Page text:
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A Dietitian’s View of CDC Sodium Consumption Report

Canned and processed foods are loaded in salt, sodium

This week, the Centers for Disease Control and Prevention released a report about the top contributing foods to Americans’ sodium consumption. Leading the list of the top 10 foods was a surprising finding. Breads and rolls beat out chips and canned food for contributing the most salt in the daily diet. But digging deeper, we see that there is a bigger issue at hand – what we truly eat, and what we perceive that we eat.

According to data reported in the “What We Eat in America” portion of the National Health and Nutrition Examination Survey, 10 foods account for nearly half of the nation’s excessive sodium intake. These include breads and rolls, cold cuts/cured meats, pizza, poultry, soups, sandwiches, cheese, pasta dishes, meat dishes, and snack foods. For most of these categories, more than 70% of sodium consumed came from foods obtained at a store – supermarkets and convenience stores versus food served at a restaurant.

As dietitian’s counsel patients about the dangers of consuming too much sodium, we often cite the obvious sources. Foods highest in sodium tend to be processed and canned foods, such as canned soups and vegetables, chips and salty crackers, deli meats such as bologna and salami, and cheese. So how did bread make the top spot on the list of foods that contribute to our salt intake?

First, consider that NHANES data comes from surveys where participants recall what they have eaten over a specific period of time – not direct objective measurement. People’s perception of their food consumptions is often very different from what they actually eat. The most common categories for underreporting include fats, oils, and sweets. We often over-estimate the “healthy” foods we are supposed to eat, such as fruit, vegetables, beans, and lean protein.

Bread, for example, often comes with a meal. We eat toast for breakfast (hopefully whole grain), a sandwich for lunch, and rolls with our dinner. Generally, when reporting meals, we are fairly accurate. However, between meal snacks – chips, sweets, and other junk food – are foods that we tend to eat without thinking about, while watching television or working at our desk, for example. So these foods groups are often missed when providing information for a self-reported survey.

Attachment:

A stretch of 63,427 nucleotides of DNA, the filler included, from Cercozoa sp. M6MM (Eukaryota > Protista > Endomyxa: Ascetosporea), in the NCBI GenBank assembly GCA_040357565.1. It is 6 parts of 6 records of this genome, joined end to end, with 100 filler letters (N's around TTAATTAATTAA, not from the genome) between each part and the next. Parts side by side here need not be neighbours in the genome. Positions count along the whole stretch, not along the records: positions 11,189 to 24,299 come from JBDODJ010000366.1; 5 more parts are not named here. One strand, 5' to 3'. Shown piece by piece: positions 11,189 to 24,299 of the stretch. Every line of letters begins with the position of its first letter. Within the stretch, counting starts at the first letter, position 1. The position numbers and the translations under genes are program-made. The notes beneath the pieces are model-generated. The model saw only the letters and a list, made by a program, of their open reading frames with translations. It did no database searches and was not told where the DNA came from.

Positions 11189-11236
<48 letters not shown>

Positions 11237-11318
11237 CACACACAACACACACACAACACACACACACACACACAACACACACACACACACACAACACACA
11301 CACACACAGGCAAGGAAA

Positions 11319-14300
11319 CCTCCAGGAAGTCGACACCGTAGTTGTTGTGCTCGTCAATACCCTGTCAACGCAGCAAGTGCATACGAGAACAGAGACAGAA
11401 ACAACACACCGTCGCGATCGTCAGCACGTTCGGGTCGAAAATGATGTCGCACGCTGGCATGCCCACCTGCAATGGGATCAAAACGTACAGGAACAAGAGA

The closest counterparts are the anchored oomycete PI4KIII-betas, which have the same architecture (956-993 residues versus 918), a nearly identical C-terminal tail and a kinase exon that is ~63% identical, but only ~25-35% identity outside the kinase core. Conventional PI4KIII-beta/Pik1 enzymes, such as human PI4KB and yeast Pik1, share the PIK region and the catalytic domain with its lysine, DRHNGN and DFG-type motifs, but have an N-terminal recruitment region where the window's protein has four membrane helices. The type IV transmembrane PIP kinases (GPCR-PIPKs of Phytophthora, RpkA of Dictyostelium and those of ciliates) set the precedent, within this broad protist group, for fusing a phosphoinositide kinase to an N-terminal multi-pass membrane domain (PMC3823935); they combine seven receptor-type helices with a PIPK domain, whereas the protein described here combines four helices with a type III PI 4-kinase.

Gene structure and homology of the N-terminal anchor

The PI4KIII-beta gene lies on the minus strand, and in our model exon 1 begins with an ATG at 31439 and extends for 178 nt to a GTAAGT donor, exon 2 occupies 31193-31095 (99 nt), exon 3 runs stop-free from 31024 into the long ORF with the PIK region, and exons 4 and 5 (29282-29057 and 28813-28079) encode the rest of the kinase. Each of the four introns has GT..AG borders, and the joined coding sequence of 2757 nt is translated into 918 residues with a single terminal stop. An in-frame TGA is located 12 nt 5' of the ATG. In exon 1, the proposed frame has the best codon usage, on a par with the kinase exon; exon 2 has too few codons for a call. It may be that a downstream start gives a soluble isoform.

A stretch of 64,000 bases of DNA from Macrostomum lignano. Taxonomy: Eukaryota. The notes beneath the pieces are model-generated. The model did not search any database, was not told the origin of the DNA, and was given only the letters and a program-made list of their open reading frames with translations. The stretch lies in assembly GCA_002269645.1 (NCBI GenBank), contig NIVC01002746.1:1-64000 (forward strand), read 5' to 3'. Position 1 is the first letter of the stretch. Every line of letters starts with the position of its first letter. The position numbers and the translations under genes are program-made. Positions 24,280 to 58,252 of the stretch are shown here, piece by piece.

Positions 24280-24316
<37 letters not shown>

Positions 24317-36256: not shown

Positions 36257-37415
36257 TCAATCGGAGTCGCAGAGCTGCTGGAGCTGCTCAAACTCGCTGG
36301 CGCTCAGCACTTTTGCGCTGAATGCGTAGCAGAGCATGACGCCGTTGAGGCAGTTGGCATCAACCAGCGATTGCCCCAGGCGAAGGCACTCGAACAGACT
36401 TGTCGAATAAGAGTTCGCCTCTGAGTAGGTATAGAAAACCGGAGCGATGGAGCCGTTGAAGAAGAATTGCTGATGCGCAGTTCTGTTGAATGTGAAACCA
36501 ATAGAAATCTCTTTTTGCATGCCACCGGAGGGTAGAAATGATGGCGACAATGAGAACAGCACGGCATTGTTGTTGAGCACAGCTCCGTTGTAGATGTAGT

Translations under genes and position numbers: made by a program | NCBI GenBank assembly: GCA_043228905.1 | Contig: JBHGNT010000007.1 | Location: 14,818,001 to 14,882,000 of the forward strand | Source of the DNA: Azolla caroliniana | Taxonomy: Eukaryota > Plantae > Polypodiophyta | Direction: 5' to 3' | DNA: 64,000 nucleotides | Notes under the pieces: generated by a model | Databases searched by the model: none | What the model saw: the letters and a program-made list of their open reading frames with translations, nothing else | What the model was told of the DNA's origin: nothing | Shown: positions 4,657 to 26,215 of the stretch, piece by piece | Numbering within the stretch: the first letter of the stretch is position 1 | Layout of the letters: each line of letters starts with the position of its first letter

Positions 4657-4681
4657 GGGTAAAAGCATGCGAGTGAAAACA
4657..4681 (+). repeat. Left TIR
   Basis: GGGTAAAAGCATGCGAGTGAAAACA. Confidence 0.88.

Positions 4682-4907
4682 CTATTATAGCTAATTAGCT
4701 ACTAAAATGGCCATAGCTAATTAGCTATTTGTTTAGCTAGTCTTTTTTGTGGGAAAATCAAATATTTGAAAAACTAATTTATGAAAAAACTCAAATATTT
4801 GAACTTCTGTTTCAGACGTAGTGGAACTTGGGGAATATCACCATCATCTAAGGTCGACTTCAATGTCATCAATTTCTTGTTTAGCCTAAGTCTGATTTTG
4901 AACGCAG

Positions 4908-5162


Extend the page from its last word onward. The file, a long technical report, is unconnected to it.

Second, bread on its own is probably a low sodium food, depending upon the brand. A slice of bread can range from 80 to 230 mg in sodium content. According to FDA food label guidelines, any food that contains 140 mg or less per serving is considered a low sodium food. How often do we view these health claims on labels without considering the serving size?

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According to the old Food Guide Pyramid, which suggests the recommended amount of each food category we should consume daily based on our age, gender and activity level, adults should consume about 6 servings of grains per day. Remember that a slice of bread is one serving, so for every sandwich consumed, a person is eating two servings. Bottom line – while a slice of bread or one roll is considered a low sodium food, we just eat too much of it, contributing significantly to our total daily salt intake.

Third, the survey did not take into account salt added to foods during cooking or at the table. Depending on how heavy the cook’s or diner’s hand is with the salt shaker, this could potentially contribute even more sodium to the daily diet.

The American Heart Association recommends consuming less than 1500 mg of sodium per day. Most Americans (90%) consume over 3,200 mg. Excessive sodium intake contributes to high blood pressure, increasing the risk for cardiovascular disease and stroke. Heart disease is the nation’s leading cause of death; stroke is fourth.

Studies show that if Americans would slash their sodium intake by about a third – down to 1,200 mg per day – we could save about $20 million in medical costs each year. It could also prevent up to 28,000 deaths annually, says CDC Director Thomas R. Frieden MD MPH.

To reduce salt in your diet, this dietitian recommends that you read labels carefully. Pay close attention to sodium per serving. That can of chicken noodle soup you eat for lunch is probably two servings at around 800 mg each. The extra slice of cheese on your sandwich – possibly between 300 and 400 mg. Remember that that innocent, healthy-looking chicken breast may have been injected with salt by the manufacturer.

Begin your quest for a lower sodium diet by consciously eliminating processed foods and highly salted fast foods. When choosing grains, for example, skip the “instant rice” box, and take the extra 20 minutes to cook brown rice from scratch and add your own herbs and spices. When selecting brands, frequent those manufacturers who have made an effort to lessen the amount of salt added to their foods. Eat more fresh fruits and vegetables instead of snack foods.

And bottom line – most of us could probably stand to eat less overall. Monitor portion sizes carefully and choose wisely.

Source reference:
Moshfegh AJ, et al "Vital Signs: Food categories contributing the most to sodium consumption -- United States, 2007-2008" MMWR 2012; 61.